Jon posted this quote from one person’s opinion about the George Washington National Forest and 30 x30. But I have seen this same concept stated in other places that I can’t locate right now.
By protection, I mean minimizing human activity in order to allow for “as natural a state as possible”. This approach is termed proforestation, letting standing forests grow and develop in complexity to their natural old growth state; such restoration is also the most effective way to counter climate change.
I think it’s what was behind many of the 20th century federal lands debates (the LTA concept-leaving things alone, except for preferred forms of recreation, is best for the environment). Still, given the narrative that Anthropogenic Global Warming is the primary environmental problem of the day (crisis), reasonable people have to wonder whether this “LTA is best” remains a true statement. You’ll notice that in the Biden Admin press release on 30×30, it mentions the extinction crisis but doesn’t state that “protecting” areas (to be defined by DOI?) will help with climate change.
So it will be interesting to see how this plays out in various news stories, op-eds and so on. But we can think of various situations in which LTA does not seem to be the best for action on reducing GHGs.
1. Build-out of infrastructure for solar and wind, with accompanying transmission; also pipelines for carbon capture.
2. Leaving fires alone can lead to deforestation and less carbon being soaked up, see Hayman Fire for example. It’s possible that planting is OK in “protected” areas, but if you’re going for Wilderness, believe it or not, I recall at one time folks said you couldn’t plant disease-resistant whitebark pine in Wilderness because it was unnatural. Maybe it’s the breeding (so they survive) and not the planting that makes it unnatural? Would fuel treatments be OK in these protected areas, or just prescribed burning, or ?? Or maybe suppression shouldn’t occur either. So many questions and complexities, that are not ultimately not scientific in nature.- because protection is an abstraction, and abstractions are usually defined by … those with privilege.
3. No drilling or mining of fossil fuels will likely lead to increased development on private lands and/or more imports (that’s what decreasing supply without changing demand has historically done. Thank you economists!). Now, logically, transporting imports from another country may lead to more use of fossil fuels in the act of transporting.
Can you think of other situations in which “leaving things alone except for currently preferred forms of recreation” is not best for climate?
Sidepoint: it is conceivable that any recreation form that requires gas-powered or electricity sourced from fossil fuel energy (a high proportion of most electric grids nowadays), is also not good for the climate. However, I don’t see anyone proposing a regulation that all skiers at FS permitted ski areas arrive only by certified carbon-free vehicles.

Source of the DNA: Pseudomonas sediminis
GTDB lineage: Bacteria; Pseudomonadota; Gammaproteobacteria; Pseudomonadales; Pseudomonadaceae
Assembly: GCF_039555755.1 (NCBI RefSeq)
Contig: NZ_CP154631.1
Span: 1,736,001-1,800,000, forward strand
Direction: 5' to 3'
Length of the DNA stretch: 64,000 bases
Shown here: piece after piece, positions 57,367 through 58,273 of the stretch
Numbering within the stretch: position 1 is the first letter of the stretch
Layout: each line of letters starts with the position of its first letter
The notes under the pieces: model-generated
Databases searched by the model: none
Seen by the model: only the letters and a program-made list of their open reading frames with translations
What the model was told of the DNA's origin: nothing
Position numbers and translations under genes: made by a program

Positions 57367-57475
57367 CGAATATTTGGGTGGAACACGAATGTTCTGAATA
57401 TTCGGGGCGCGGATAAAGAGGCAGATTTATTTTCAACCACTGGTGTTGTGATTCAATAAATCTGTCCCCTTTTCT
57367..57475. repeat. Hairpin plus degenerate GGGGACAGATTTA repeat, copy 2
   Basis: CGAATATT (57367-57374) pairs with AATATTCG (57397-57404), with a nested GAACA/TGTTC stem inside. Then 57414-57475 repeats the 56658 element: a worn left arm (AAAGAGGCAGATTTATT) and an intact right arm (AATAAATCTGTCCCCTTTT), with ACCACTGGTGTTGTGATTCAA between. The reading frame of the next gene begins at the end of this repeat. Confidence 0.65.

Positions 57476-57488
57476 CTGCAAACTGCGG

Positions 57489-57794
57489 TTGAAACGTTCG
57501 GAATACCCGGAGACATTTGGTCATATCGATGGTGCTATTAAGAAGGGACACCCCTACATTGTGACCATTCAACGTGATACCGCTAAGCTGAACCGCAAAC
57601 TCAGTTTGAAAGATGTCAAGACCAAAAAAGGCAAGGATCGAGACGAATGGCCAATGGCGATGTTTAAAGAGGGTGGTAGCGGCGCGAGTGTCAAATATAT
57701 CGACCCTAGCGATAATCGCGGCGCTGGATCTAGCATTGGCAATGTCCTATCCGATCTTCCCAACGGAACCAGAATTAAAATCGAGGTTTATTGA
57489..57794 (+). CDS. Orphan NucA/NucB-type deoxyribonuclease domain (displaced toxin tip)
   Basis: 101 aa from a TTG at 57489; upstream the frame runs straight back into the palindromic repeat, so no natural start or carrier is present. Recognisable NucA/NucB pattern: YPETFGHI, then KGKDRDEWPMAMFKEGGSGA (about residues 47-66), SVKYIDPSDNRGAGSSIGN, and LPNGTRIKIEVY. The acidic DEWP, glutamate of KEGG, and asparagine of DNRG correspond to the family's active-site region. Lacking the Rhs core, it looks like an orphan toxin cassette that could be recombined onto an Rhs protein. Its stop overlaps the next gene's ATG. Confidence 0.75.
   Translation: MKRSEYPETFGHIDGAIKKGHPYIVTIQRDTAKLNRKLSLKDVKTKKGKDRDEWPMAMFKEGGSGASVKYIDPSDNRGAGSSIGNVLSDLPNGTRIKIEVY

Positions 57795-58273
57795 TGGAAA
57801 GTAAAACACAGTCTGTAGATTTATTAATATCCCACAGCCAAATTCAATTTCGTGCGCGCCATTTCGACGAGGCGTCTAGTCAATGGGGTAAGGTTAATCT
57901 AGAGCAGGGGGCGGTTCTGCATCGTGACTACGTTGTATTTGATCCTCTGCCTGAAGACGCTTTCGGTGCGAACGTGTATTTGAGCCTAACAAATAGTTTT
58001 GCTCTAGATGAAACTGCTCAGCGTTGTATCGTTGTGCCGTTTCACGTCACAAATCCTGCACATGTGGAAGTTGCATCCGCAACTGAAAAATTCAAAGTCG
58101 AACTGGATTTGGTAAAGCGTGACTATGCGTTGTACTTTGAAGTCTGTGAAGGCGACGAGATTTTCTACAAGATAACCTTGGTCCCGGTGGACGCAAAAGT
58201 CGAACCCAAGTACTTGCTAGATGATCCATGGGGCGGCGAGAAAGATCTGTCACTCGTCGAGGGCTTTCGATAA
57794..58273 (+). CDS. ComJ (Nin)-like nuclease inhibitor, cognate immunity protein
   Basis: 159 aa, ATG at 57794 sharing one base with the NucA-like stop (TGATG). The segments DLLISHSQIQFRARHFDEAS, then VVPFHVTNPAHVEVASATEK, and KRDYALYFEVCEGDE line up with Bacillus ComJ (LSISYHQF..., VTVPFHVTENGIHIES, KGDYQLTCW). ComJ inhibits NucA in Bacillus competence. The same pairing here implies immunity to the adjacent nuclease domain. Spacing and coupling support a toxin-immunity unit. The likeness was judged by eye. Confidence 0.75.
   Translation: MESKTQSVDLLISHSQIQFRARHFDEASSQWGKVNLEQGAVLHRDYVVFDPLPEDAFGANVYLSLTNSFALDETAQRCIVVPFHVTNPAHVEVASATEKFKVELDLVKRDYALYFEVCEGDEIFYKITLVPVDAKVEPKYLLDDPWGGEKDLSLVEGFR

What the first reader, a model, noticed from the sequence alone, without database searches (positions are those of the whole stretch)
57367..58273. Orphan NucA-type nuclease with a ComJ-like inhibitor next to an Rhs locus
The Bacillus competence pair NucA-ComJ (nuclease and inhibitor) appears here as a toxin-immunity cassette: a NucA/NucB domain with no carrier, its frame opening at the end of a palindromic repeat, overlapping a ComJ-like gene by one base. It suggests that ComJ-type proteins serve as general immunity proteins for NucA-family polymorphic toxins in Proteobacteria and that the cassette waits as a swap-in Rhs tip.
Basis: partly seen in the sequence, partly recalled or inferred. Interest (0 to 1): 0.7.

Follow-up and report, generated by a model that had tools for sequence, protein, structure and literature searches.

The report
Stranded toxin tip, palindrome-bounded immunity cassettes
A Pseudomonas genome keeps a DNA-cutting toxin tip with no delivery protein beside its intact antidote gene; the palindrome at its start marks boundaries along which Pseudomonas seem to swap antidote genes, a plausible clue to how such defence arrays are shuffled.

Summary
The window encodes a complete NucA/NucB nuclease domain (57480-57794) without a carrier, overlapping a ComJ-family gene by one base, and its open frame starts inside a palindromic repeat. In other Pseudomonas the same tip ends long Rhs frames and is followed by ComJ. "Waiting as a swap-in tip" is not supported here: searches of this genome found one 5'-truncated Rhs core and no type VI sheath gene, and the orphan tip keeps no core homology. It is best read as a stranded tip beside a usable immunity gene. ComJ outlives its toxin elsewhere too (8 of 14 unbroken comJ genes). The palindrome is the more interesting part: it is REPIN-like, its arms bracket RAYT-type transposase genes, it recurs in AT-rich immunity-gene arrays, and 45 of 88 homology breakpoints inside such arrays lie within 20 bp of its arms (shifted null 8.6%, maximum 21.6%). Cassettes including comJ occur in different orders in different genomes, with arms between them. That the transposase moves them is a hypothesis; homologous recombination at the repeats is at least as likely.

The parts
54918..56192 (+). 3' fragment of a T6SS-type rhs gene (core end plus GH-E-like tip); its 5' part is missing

My other point about 30×30 is that if we can’t meet our own energy and minerals needs from our own land because we are “protecting” it.. are we merely exporting the impacts on biodiversity to somewhere else, whose biodiversity is just as desirable (or possibly more, for whatever reasons that specialists in the various kinds of biodiversity can think up) as our own?
And of course, there are arguments that for social justice toward our own working classes that we would not want to export jobs. Then there’s the same old forest products argument that asks if the other country’s labor and environmental protections are as good as ours? But we still import wood from Canada, a friendly and benign ally with similar rules. To say it gently, our relations with countries such as China, Russia, the Saudis and so on are more geopolitically complex. Not to speak of the concept of balance of trade being a thing worthy of consideration somewhere in all this.
The logical thing to do IMHO seem to be to start with the new infrastructure, and then see what’s left to put into protection. Otherwise, it seems a bit disorganized – especially for solutions to the #1 problem and crisis in the world, that we need to act on urgently. On the other hand, various scientists and folks like the TNC say that some places are more worth protecting that others. Hopefully, all these concerns will line up- but right now there doesn’t appear to be a mechanism to do that. Or maybe the Biden Admin will be more welcoming of nuclear because more land could be “protected?” Will be interesting to watch.
Another thought, if the US becomes a “park” country, at the expense of other countries becoming “industrial zone” countries, is that a good thing? For whom? What is the net impact on the environment?
Anyway, it seems to me that some people see 30 x 30 as just another opportunity to restate “LTA is best,” with “besides, it’s the best thing for climate” perhaps, as a rhetorical flourish more than a statement of reality.